Instead, five justices, five lawyers wearing robes with the title of justice, effectively amended the Constitution through the backdoor by making the powers granted the federal government under the Commerce Clause almost unlimited. Since then, if Congress uses the right words, they see themselves as having a green light to shoot just about anything into the Commerce Clause.
Two Structural Protections—Vertical and Horizontal
There are these two structural protections in the Constitution that, in my view, are upstream from every other constitutional protection, without which the Bill of Rights can’t be effectively protected. These are the vertical protection we call federalism and the horizontal protection we call the separation of powers. The Commerce Clause has almost vitiated these.
Suddenly, invested with this new power, Congress now found itself with the authority to regulate all sorts of things and all sorts of economic activity, including things that occur only in one state at a time—typically things like labor, agriculture, mining, manufacturing and all the things that generate wealth. They’re economic in nature.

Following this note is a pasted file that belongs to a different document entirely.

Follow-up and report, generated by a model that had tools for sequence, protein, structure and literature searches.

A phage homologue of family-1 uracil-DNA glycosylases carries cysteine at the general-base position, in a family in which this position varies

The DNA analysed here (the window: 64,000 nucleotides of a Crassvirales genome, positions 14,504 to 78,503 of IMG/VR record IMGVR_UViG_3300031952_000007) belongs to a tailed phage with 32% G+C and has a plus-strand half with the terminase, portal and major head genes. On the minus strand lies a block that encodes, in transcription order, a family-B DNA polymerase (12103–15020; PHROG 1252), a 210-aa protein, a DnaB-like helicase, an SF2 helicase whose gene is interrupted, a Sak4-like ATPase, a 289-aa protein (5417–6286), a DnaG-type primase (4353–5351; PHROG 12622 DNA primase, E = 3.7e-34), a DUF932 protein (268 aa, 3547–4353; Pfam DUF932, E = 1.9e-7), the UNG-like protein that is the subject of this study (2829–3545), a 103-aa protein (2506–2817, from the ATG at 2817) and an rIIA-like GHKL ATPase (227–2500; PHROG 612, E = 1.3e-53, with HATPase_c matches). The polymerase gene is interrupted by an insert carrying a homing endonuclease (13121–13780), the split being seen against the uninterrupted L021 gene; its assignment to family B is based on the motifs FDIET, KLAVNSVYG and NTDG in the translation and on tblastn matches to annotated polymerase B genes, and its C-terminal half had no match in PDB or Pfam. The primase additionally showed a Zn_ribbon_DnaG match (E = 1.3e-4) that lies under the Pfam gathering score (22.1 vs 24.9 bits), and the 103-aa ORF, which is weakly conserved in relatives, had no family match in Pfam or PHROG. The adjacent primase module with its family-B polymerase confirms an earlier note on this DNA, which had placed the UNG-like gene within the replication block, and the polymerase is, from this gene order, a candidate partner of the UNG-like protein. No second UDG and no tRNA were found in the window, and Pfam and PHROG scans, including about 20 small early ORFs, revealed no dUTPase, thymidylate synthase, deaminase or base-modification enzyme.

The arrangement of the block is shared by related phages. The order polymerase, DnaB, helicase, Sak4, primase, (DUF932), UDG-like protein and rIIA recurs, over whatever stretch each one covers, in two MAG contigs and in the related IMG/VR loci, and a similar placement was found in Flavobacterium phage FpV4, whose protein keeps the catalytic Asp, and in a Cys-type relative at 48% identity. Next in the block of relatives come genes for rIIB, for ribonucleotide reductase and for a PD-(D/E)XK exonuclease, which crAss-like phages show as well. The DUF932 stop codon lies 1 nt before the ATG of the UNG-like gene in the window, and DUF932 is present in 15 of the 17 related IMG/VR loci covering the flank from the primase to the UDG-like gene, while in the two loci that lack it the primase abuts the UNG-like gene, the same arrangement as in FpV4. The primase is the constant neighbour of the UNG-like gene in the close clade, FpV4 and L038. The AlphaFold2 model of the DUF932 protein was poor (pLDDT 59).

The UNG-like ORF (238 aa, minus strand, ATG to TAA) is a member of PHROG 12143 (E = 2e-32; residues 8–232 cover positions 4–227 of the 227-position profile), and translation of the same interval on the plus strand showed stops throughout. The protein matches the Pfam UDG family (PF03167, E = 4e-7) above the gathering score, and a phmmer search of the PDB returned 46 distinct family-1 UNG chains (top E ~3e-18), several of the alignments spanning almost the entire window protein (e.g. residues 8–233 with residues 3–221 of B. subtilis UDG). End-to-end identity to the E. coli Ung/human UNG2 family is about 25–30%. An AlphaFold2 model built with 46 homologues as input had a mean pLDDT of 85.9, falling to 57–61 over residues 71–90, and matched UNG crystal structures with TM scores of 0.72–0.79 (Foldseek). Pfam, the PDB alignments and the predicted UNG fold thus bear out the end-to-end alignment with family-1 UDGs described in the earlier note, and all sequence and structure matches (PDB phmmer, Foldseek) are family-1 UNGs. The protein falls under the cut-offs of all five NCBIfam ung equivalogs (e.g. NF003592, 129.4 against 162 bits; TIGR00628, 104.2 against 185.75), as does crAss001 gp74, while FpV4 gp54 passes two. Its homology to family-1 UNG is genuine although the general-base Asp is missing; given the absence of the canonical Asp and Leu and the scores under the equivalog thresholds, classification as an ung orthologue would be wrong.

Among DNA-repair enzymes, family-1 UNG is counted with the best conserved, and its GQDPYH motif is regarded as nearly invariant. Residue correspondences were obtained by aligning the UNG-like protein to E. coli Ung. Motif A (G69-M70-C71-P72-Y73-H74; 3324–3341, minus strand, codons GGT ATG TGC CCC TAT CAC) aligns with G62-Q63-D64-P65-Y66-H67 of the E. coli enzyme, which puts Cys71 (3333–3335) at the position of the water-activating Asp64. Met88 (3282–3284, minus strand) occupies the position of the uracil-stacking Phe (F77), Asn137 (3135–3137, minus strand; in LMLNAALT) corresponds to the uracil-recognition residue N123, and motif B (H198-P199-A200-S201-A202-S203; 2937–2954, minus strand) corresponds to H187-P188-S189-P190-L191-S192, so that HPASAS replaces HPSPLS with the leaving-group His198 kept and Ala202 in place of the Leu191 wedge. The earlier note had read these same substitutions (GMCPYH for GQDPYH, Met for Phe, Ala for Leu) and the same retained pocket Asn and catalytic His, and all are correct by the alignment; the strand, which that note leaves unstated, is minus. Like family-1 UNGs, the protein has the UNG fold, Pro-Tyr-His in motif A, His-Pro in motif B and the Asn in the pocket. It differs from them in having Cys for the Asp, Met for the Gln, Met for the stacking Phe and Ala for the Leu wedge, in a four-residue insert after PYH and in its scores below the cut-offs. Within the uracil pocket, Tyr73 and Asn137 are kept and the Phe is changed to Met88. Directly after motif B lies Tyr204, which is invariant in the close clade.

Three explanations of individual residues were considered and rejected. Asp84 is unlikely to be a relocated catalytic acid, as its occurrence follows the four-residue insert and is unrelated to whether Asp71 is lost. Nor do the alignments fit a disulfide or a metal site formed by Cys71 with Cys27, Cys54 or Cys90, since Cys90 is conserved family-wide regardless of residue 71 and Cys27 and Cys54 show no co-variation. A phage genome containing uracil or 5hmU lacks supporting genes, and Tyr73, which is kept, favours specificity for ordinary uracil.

All of a sudden, Congress arrogated to itself, the power to regulate because after all, all those things have a substantial effect on interstate commerce, even if they’re taking place in one state at one time.
Flooded with the euphoria of its own authority, Congress started passing laws in these areas, and at some point, Congress realized that every time they passed a new regulation, they made one group of people happy, and another group unhappy. They had to defend themselves when they stood for re-election.
Laws made by Unelected Officials